Saturday, January 15, 2011
3D hits January
There may be no greater sign of both the ubiquity of 3D, and the improving profile of January as a release month, than that there is now a high-profile 3D movie being released in January.
The Green Hornet is not the first movie in the recent 3D craze to be released in January. That honor goes to the execrable My Bloody Valentine 3D, which was released on January 16, 2009. But that film doesn't really exemplify the "new 3D" -- it's more of a throwback to the old days, when schlocky horror movies, such as Friday the 13th Part 3 and Jaws 3, were the most likely home for 3D.
The "new 3D" is superhero movies with big stars. Such as The Green Hornet. (Incidentally, I find it funny that the film's biggest star -- or at least best-known name -- is Cameron Diaz, and she's barely seen in the ads.)
In the past, a movie like The Green Hornet would have come out sometime between April and August, maybe not quite blockbuster enough to hold down a key summer release date, but certainly enough to come out during summer's early or late fringes. Nowadays, the calendar has gotten so packed, the studios have gotten so savvy about how to capture the available dollars, and 3D has become so prevalent, that this 3D superhero movie hits theaters on the second available release date of the new year.
The rehabilitation of the month of January may have truly begun in 2008, when, to my surprise, one of the most buzzed about films of the previous six months was released on January 18th. Yep, that's when Cloverfield dropped, and a week later, with a lot less fanfare but plenty of name recognition, came Rambo. The year 2009 reverted more or less to the status quo, with the third Underworld movie not really having the same sizzle as a Cloverfield. But that January produced two really big hits, Paul Blart: Mall Cop and Taken, reminding studio execs why January is not a month just to be sloughed off.
You really saw the difference in 2010, when three rather large-scale post apocalyptic effects movies were released on consecutive Fridays: Daybreakers, The Book of Eli and Legion. (For a longer discussion of that, see here.) None of them fared particularly well.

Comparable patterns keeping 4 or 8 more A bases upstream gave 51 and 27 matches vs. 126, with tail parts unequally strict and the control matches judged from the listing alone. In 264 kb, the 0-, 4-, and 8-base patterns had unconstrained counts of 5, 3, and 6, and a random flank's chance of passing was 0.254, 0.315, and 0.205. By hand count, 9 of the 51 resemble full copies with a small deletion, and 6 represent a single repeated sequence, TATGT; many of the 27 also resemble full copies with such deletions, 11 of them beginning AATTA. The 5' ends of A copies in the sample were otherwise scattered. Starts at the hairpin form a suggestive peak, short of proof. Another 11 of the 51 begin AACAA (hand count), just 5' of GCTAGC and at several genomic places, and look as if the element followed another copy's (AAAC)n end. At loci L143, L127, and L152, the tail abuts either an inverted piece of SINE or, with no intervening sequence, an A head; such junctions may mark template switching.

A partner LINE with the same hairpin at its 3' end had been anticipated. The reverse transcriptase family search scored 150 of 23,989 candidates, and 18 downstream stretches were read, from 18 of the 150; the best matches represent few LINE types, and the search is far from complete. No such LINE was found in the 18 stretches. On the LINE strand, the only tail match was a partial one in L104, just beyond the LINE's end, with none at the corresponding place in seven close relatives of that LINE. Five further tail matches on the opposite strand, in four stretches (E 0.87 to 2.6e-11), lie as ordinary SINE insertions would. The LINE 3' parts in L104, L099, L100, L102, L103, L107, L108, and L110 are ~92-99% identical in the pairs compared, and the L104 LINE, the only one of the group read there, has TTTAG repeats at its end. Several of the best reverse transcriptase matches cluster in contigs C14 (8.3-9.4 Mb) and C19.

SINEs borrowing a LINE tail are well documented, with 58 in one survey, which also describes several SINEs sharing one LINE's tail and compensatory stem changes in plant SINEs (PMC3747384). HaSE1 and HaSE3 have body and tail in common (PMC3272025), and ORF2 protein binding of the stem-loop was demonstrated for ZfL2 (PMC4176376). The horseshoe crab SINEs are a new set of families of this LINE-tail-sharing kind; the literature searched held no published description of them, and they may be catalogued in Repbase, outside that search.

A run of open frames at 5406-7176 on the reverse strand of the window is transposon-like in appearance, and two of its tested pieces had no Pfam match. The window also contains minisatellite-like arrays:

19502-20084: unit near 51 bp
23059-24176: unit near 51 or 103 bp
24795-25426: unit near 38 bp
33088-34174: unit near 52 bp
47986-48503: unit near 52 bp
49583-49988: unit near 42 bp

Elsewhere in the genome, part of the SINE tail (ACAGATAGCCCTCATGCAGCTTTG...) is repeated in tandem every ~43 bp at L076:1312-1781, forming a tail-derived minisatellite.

But The Green Hornet seems like a different kind of step forward. Not only is it 3D, but it's a superhero movie. And not even a superhero movie like Kick-Ass, which had little previous name recognition. No, most of us had at least heard of The Green Hornet, if only because we'd confused it with The Green Lantern. Just wait for that character's upcoming 3D incarnation this summer, arriving on a more traditional release date for such a film: June 17th.
I don't have a lot more to say about The Green Hornet, except that my initial disinterest has now evolved into moderate anticipation. I'm not likely to see it for a couple weeks, since I'm still focused on catching a couple more 2010 films in the theater before they leave. But I'm a lot likelier to prioritize a theatrical screening than I was a few months ago. Of course, the reviews could certainly dampen my enthusiasm if they're negative.
One thing I do want to comment on is this poster I chose above. It's pretty abstract, but with a clear view of it you can certainly tell what's going on.
A clear view of this image is not what's provided on the south face of a building on the 405 freeway, which I see as I'm driving north on my way home from work. (I thought I had a picture of it, but I see that the picture I tried to take on my phone was obstructed by one of those structures that holds the signs out over the highway). For a month now, I've been trying to puzzle out what the image was -- it just looked like a bunch of murky shapes, especially since the exterior of the building has an uneven surface, with raised edges running vertically down the side, which only serve to further obscure and distort the image. In fact, you would scarcely know it was even a Green Hornet poster if the east face of the same building didn't have the clearer ad featuring their car busting through a wall.
Maybe they chose that wall with the ridges because of its third dimension.